Amanda Phingbodhipakkiya’s We Are More public art campaign celebrates the expansive diversity and individuality of Asian Americans and Pacific Islanders in New York City and around the country. It responds to and rebukes the harassment and violence that has become increasingly severe amidst the COVID-19 pandemic. The titular work in the campaign is a direct address to the bigoted and confining stereotypes of Asians and Asian-Americans in popular culture; other works ask questions both poignant — “When will we stop feeling afraid?” — and pointed — “When will you love us like you love our food?” Still more feature vibrant portraits representative of defiant and proud Asian American and Pacific Islander New Yorkers. Phingbodhipakkiya juxtaposes rich tones and energetic shapes with the language of sorrow and anger to show that despite what AAPI people have faced in New York and elsewhere, they remain undeterred and steadfast members of the cities they call home.
“We are more than your Asian sidekick, the confused foreigner, the future doctor, your submissive plaything, the helpless refugee, the dragon lady, the straight A student, the computer hacker, the martial arts master, the spunky girl with dyed hair, the quiet kid, the dependable worker, the Tiger mom.”….. Amanda Phingbodhipakkiya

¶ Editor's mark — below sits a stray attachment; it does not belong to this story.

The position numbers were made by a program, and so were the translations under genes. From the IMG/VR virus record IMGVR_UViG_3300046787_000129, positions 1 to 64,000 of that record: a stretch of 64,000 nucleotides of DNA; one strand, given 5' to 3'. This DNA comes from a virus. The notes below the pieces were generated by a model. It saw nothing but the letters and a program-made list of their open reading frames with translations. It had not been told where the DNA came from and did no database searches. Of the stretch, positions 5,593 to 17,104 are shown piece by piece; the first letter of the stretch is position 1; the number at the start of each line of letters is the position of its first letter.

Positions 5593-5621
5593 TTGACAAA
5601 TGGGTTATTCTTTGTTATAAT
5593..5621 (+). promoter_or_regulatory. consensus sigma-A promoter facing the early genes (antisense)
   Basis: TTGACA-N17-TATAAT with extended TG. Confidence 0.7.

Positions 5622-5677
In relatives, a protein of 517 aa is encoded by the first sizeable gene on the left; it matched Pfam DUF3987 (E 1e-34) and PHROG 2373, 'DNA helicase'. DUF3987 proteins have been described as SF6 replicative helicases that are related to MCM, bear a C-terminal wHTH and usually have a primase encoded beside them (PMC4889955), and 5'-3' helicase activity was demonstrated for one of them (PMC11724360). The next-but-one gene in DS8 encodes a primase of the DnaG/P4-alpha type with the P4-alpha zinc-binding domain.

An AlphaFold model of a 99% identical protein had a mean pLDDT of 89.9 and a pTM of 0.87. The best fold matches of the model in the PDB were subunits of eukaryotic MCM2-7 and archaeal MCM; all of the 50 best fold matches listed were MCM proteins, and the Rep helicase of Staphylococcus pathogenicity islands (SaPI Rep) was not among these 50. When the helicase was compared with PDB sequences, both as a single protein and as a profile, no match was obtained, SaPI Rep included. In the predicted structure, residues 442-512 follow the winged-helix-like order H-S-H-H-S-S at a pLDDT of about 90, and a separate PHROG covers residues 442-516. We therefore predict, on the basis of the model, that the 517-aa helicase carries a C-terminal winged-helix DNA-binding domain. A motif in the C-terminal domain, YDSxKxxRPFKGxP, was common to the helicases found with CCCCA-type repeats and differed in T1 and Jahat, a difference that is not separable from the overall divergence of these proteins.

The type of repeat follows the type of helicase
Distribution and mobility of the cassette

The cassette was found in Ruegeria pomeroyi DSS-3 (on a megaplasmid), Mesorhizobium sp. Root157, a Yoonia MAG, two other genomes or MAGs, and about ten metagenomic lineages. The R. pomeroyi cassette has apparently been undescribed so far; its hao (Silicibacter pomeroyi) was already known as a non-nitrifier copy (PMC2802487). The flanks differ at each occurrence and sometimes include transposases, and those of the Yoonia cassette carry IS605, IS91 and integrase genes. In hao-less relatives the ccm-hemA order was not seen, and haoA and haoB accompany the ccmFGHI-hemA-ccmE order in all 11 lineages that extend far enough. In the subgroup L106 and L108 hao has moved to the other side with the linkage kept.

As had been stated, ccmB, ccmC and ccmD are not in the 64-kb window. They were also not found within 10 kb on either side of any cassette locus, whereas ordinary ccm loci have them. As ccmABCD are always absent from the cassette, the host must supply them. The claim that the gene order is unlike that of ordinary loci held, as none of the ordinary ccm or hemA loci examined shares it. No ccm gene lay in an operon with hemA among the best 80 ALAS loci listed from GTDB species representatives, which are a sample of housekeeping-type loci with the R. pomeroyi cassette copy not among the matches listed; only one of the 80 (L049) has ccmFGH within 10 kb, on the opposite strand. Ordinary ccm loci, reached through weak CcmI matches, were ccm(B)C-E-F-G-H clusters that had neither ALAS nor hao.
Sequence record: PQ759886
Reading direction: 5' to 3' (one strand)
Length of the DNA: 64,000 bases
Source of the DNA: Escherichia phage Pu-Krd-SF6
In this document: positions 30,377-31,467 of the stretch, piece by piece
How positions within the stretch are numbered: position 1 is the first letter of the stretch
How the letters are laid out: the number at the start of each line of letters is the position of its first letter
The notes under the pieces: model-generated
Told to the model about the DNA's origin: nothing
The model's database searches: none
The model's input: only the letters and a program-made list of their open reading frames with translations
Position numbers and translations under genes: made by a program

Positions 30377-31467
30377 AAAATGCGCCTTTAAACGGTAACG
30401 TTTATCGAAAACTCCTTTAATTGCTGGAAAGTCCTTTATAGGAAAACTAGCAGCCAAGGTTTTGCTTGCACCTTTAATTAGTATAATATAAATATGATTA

To inform this campaign and amplify the individual voices of the AAPI community, Phingbodhipakkiya has solicited stories from Asian American and Pacific Islanders across the U.S. that highlight a multitude of experiences, perspectives, and cultural identities. These first-hand accounts will be featured online at MoreThan.Art in conjunction with the public campaign in Times Square.
“Asian Americans have not been given space to express the full range of our feelings and identities. For decades, we have had little media representation—our faces were used as props, villains, or background characters. We Are More brings our faces and words to one of the most visible and trafficked intersections in the world. Just as Times Square connects people from all different backgrounds, the AAPI community draws from dozens of nationalities and cultures. With this campaign, we declare that we will no longer tolerate the narrow box that has been defined for us. We have been cursed at, pushed, spat on, stabbed, kicked, shot, and killed. We have been blamed for a pandemic we did not create, a crisis that has caused tremendous damage to our community. We will no longer bury our pain in silence and we will not be cowed by bullies or bigots. We are here to speak. We are here to stand. We are here to stay,” said artist Amanda Phingbodhipakkiya.
An award-winning multidisciplinary artist, Phingbodhipakkiya created the public awareness initiative I Still Believe in Our City to address the rise in anti-Asian racism during the COVID-19 crisis as a 2020 artist-in-residence with the NYC Commission on Human Rights. Her work has recently been featured on the cover of TIME Magazine, and previously appeared in Times Square as part of the Vote Your Future campaign. Now, she and Times Square Arts unveil We Are Morethroughout Times Square in honor of Asian American and Pacific Islander Heritage Month and in response to the escalating anti-Asian violence in New York City and across the country.
The 40 distinct artworks and typographic designs in the campaign will appear on Morgan Stanley’s digital billboard, JCDecaux digital displays, and Big Belly receptasigns in over 120 locations, accessible to the many thousands of people who visit Times Square each day. We Are More will be on view May 1, 2021.